Before the CCRC’s decision to reopen Stone’s file, he had exhausted his legal options. Twenty-six years, two trials, two appeals, two applications to the CCRC – all had come to nothing. McDonald had been planning a judicial review, but it was a legal Hail Mary. “Judicial review of the CCRC is really difficult,” says McDonald. “They’ve always failed.”

Even now, he is up against daunting odds. The CCRC refers just 3% of the cases it reviews back to the court of appeal. Even if the forensic testing does throw something up, it needs to be substantial enough that there would be a “real possibility” that the conviction would not be upheld. But it is something.

Meeting McDonald, I’d expected him to be elated. “No,” McDonald explains. He raps a finger on the gleaming conference table between us. “It just means you start back at the beginning again. You’ve got to do it again. For him.”

The beginning. It starts in a country lane in July 1996. “Picture-postcard England,” remembers Jim Fraser, a forensic investigator who attended the scene. “A tiny hamlet. In the rolling hills. In midsummer. A bright, summer day in July.”

Lin Russell, 45, her two daughters, Megan, six, and Josie, nine, and the family dog, Lucy, were walking down Cherry Garden Lane near Chillenden, Kent, just after 4pm. The girls had been at a swimming gala. The smell of chlorine. Wet towels in bags. A walk they had done many times before. A man with a hammer stepped out of a car, asking for money. At her mother’s urging, Josie ran for help, but was overpowered. The family was forced into a copse, where they were tied up with ripped towels and shoelaces. The man beat Lin and Megan to death. Lucy, the dog, was also killed. Miraculously, Josie survived, though with severe brain injuries.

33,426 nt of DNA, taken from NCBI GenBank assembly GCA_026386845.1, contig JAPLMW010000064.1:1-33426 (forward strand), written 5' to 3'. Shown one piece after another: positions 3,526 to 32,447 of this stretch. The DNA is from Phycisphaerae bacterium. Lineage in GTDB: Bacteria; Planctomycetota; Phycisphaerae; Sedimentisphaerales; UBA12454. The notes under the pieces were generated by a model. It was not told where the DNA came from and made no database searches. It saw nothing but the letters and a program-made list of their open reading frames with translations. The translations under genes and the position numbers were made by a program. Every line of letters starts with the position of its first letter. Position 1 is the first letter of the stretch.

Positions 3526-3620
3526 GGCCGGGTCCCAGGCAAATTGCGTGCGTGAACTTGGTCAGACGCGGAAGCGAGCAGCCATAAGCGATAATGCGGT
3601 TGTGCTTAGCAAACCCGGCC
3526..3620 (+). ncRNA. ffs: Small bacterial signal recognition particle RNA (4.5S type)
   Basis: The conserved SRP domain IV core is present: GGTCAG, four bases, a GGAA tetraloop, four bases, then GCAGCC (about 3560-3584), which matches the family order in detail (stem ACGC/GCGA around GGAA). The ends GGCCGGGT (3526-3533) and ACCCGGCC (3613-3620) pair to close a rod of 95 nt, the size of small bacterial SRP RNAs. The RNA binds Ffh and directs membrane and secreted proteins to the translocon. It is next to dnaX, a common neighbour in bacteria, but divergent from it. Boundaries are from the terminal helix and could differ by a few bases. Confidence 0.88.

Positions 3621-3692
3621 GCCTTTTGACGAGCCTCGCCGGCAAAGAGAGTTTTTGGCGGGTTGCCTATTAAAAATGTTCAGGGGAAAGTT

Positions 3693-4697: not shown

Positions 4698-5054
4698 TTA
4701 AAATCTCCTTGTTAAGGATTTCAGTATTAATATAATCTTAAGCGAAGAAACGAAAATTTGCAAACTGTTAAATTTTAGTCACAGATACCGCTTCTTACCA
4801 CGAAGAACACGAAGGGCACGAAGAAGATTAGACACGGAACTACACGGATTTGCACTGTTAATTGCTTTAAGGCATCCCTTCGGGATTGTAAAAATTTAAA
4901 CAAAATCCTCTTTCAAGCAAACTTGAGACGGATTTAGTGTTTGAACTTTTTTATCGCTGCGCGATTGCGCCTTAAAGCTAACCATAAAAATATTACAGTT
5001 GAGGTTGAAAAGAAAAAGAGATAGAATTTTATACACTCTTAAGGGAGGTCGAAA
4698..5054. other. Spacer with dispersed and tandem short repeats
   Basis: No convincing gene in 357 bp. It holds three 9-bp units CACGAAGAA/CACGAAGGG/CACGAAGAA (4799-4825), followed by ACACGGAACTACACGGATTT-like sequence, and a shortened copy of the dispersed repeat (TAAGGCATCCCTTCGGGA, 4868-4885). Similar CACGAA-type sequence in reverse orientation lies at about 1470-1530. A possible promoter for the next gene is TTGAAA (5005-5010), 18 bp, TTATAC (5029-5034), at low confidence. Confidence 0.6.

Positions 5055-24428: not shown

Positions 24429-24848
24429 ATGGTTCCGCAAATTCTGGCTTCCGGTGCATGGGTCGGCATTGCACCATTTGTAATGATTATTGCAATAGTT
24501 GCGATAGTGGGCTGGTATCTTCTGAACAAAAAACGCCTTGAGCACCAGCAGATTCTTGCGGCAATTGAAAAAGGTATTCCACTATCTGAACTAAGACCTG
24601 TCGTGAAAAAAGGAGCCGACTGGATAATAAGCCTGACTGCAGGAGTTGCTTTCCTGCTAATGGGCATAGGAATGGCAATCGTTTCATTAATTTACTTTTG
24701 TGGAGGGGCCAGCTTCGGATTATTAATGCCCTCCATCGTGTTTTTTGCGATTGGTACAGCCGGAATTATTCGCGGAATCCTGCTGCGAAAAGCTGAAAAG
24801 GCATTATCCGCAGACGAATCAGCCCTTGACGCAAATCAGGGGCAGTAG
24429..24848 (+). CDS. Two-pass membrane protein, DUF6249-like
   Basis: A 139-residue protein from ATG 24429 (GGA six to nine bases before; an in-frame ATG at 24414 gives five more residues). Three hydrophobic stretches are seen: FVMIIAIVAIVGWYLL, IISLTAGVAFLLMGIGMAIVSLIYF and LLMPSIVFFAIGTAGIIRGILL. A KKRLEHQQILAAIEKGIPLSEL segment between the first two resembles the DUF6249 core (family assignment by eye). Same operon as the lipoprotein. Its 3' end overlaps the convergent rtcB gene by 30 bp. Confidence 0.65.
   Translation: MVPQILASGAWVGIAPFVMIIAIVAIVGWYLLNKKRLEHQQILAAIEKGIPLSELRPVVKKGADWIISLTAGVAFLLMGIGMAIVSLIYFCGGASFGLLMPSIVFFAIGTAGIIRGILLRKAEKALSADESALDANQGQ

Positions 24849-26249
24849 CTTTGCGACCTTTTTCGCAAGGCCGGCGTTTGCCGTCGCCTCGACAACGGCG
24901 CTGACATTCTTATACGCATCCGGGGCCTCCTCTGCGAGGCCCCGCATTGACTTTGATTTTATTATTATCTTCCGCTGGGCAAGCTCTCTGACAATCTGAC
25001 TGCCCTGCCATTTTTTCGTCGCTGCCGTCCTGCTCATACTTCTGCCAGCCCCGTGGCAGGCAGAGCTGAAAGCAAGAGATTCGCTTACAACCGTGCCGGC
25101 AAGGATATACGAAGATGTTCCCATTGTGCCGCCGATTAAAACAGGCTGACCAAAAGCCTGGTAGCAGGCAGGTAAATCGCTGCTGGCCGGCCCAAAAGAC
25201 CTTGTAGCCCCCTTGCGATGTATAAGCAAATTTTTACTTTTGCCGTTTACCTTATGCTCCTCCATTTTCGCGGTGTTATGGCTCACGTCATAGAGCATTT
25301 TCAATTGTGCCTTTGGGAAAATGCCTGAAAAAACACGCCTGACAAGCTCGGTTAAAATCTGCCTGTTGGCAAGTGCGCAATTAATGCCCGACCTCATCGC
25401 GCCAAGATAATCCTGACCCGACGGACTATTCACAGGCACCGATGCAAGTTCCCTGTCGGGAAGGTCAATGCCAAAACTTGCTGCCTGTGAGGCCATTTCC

Multiple witnesses saw a beige car in the area, driven by a white man. At the scene, investigators found a bloody fingermark on a lunchbox, and a black, knotted bootlace. Josie told police that the perpetrator was a white man in his 20s about the same height as her father, who is 5ft 11in, with spiky blond or brown hair.

Lin and Megan Russell. Photograph: PA